Class Notes | Obituaries
Showing obituaries submitted in last 6 months
Gordon Abbott '58, July 12, 1930 - November 7, 2013. A resident of San Jose, Gordon Abbott passed away after a difficult and valiant battle with cancer. His family was paramount and he enjoyed participating in his children and grandchildren's activities. An ardent sports fan and active in the community, he was also well known for his political involvement. He served on the Campbell Union School District Board of Trustees from 1971 through 1982, the San Jose Council Salary Setting Commission from 1986-1994 and on the Governor's Advisory Board for the Agnew Development Center from 1998-2009. He also served on the Santa Clara County G.O.P Central Committee from 1958-1963 and 1994-2005, earning the nickname "Mr. Republican".
Gordon was born in Baltimore, Maryland and graduated from Issaquah High School, Issaquah, WA and earned a degree in Business from Santa Clara University. He was an accountant and served as a corporate finance officer for several small businesses over his career.
William Tagmyer ’60, a longtime University of Portland board member, passed away on Sept. 27, 2013, after a short battle with cancer. He was 75.
Francis E. "Frank" Quinn ’60 died on August 11, 2013 in Seattle. He was born in Seattle to Albert and Frances Quinn on October 10, 1938. He graduated from the St. Joseph Grammar School and Seattle Preparatory in Seattle, and The University of Santa Clara in California. He served for four years as an officer in the U.S. Navy during the Viet Nam Conflict. He is survived by his four daughters, Corrine Fishman, Colleen Quinn, Kathleen Quinn and Kelly Quinn, all of California, three grandsons, and a granddaughter. He is also survived his siblings Joseph Quinn ’56 of Medina, Philip Quinn of Seattle, Louise Sifferman of San Juan Capistrano, and Catherine Turner of Escalo, California.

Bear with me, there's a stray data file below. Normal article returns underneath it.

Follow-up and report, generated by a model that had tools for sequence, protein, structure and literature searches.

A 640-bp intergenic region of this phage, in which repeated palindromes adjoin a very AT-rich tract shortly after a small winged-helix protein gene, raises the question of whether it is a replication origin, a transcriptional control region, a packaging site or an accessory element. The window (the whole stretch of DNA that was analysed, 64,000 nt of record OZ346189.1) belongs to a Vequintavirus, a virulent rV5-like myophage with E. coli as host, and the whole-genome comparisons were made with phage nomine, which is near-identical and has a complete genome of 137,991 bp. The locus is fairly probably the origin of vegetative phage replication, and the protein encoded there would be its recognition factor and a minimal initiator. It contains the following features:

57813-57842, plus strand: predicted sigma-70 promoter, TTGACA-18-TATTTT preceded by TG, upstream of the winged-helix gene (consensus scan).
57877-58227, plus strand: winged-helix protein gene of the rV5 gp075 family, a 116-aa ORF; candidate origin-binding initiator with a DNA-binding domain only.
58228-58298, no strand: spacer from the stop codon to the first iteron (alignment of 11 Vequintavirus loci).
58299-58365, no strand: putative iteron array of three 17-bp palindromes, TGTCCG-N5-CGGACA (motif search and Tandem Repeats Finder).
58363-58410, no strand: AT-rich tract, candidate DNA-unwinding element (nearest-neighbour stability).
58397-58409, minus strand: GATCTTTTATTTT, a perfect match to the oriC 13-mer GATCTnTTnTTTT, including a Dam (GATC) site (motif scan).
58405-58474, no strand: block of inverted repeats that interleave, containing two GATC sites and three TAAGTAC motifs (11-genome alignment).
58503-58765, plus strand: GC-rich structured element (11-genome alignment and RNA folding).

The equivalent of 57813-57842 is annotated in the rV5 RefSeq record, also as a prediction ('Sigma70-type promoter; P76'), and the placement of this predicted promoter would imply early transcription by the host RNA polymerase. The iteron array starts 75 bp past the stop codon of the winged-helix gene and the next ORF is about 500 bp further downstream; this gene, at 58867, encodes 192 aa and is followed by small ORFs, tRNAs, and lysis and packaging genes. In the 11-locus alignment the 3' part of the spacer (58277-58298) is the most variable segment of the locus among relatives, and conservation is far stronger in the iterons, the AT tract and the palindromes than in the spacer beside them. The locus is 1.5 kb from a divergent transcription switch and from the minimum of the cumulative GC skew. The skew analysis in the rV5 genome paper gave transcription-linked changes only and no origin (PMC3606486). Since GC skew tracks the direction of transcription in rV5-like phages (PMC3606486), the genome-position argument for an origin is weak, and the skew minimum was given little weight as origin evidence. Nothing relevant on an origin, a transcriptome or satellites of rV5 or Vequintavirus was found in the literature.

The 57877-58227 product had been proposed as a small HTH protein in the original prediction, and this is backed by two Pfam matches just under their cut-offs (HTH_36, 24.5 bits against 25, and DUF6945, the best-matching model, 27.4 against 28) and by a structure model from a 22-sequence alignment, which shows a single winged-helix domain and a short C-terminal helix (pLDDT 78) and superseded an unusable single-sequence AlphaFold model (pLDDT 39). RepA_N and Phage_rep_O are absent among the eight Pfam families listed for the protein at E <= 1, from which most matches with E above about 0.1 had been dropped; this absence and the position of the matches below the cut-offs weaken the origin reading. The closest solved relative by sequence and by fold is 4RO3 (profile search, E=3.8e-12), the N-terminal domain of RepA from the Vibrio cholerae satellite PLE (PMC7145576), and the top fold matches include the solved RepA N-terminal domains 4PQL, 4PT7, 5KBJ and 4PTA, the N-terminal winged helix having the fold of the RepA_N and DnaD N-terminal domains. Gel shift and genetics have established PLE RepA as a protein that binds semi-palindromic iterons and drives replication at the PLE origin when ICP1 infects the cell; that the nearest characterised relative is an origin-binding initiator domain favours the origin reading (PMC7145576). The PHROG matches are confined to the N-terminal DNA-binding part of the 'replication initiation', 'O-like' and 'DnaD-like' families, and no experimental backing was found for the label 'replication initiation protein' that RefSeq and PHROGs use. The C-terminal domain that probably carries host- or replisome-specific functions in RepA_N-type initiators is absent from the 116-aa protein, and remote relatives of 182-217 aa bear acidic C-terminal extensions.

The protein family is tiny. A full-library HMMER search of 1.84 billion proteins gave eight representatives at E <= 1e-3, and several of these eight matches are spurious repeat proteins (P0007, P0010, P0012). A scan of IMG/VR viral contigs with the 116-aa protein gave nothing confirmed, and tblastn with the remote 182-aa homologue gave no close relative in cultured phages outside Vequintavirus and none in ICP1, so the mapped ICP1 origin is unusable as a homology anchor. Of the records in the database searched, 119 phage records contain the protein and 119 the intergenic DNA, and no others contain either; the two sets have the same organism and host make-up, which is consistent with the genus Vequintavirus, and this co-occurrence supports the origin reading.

Lee Albert Cook ’61 (July 8, 1939 - July 30, 2013), a U.S. Veteran, age 74, of Sutter Creek, CA, passed away Tuesday, July 30, 2013, at his home with his loving family by his side. Born in San Francisco on July 8, 1939, a son of the late Edith Louise (Giusto) and Albert Bernard Cook, Lee was a 3rd generation San Franciscan. Lee was a Lt. in the U.S. Navy before joining the US Army Reserve and retiring a Captain after 22 years of service. As a teacher at San Quentin Prison, he created a data processing course that enabled inmates not only to find jobs when they were released, but also to financially support the program. Lee was very active in his community, belonging to Native Sons of the Golden West Parlor #31, Italian Catholic Federation, Branch #428, and Italian Benevolent Society. He was a lifetime member of American Legion Post 108. Lee and his wife Lynda traveled extensively after his retirement from Preston Youth Authority in 1998. They created many lasting friendships wherever they traveled. Lee was an affectionate son, husband, brother, uncle, cousin, and friend. Lee is survived by his loving wife of 27 years, Lynda Cook, of Sutter Creek, brother Kenneth and his wife Kathleen Cook of St. Louis, Mo., a niece, Catherine Cook, cousin Mike and his wife Patricia Giusto of Benecia, Calif., as well as many cousins and his beloved dog, Lucia.
Charles (Chuck) Larson, Sr. ’61, 82, formerly of Sunnyvale, Calif. went to heaven surrounded by family on April 9, 2013. He is survived by wife Betty and four children, Cathy (Andrew) Cattaneo, Chares, Jr. (Patrice), William (Patti) Larson, Theresa (Lawrence) Pierce, and eleven grandchildren. Charles worked at Varian, Lawrence Livermore Labs, Plasma Kinetics and EBT in Santa Clara. He retired to Grass Valley and later to Oro Valley, Ariz. Although he was a great husband, dad, uncle, brother, coach, friend, his favorite title was POPPY to his 11 grandchildren. Legacy.com and Arizona Daily Star have a full obituary. He loved Santa Clara University and all it gave him. Thank you, Betty Larson